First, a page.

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Narrowing the Gaps to Meet the Millennium Development Goals

In 2000, the largest gathering of world leaders in history convened at the UN Millennium Summit to address global poverty, conflict, environmental degradation and human rights. 

The 189 UN member states acknowledged that human development is the key to sustaining social and economic progress as well as global security. Together, they drafted these eight Millennium Development Goals (MDGs) to change the world by 2015:

End poverty and hunger primary education gender equality

End poverty and hunger

Achieve universal education

Promote gender equality

Reduce child mortality

Maternal health Environmental Sustainability Global Partnerships
Improve maternal health Combat disease Ensure environmental sustainability Develop global partnerships

What is UNICEF doing to achieve the MDGs?

UNICEF's work can be grouped into six main strategic areas which aim to secure children's rights and meet the MDGs. These areas are:

  1. Child survival - in support of MDGs 1, 4, 5, 6 and 7
  2. Education - in support of MDGs 2 and 3
  3. Child protection - in support of MDGs 1 and 6
  4. HIV and AIDS - in support of MDG 6
  5. Advocacy - in support of MDG 8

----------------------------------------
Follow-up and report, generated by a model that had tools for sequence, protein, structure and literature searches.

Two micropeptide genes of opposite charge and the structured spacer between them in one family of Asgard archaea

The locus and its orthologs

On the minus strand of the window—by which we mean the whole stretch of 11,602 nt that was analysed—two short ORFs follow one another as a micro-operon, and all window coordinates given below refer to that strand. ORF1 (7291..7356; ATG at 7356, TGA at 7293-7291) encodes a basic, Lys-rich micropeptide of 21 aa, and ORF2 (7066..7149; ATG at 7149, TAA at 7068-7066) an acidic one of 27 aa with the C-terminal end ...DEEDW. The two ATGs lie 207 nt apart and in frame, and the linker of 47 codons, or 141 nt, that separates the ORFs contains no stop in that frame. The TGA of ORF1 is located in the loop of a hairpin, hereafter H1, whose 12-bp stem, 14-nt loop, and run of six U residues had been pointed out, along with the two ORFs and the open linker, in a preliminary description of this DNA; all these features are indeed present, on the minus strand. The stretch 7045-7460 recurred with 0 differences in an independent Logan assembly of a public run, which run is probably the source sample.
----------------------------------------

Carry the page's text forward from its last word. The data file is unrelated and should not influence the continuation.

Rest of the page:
6. Emergencies - in support of MDGs 1, 2, 4, 5, 6 and 7

Despite the world's progress in reaching some MDGs, the very poor are falling further and further behind. UNICEF will work to address the needs of the most vulnerable to ensure that all MDGs are met and that no child is forgotten. Additionally, recent data and analysis indicate that programs that target the world's poorest mothers and children could save more lives and do so in an efficient way.

What is Canada doing to achieve the MDGs?

The Canadian government has demonstrated leadership in achieving the MDGs this year – first by pledging $1.1 billion for maternal, newborn and child health at the G8 Summit in June, followed by a $540 million pledge to The Global Fund to Fight AIDS, Tuberculosis and Malaria at the MDG Summit in September.

It is important that Canada honours these pledges with new funds and commits to increasing its official development assistance spending to 0.7% of our gross national income by 2015. Canada can also demonstrate diplomatic leadership by keeping international development on its political agenda.


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"UNICEF's Idea" in the New York Times

"Right in Principle, Right in Practice" in the Huffington Post


Progress for Children

Progress for Children:
Achieving the MDGs with Equity

Interactive website

Narrowing the Gaps to Meet the Goals



UNICEF at the MDG Summit

UN MDG site

The G8 Summit for maternal, newborn and child health

The Global Fund to Fight AIDS, Tuberculosis and Malaria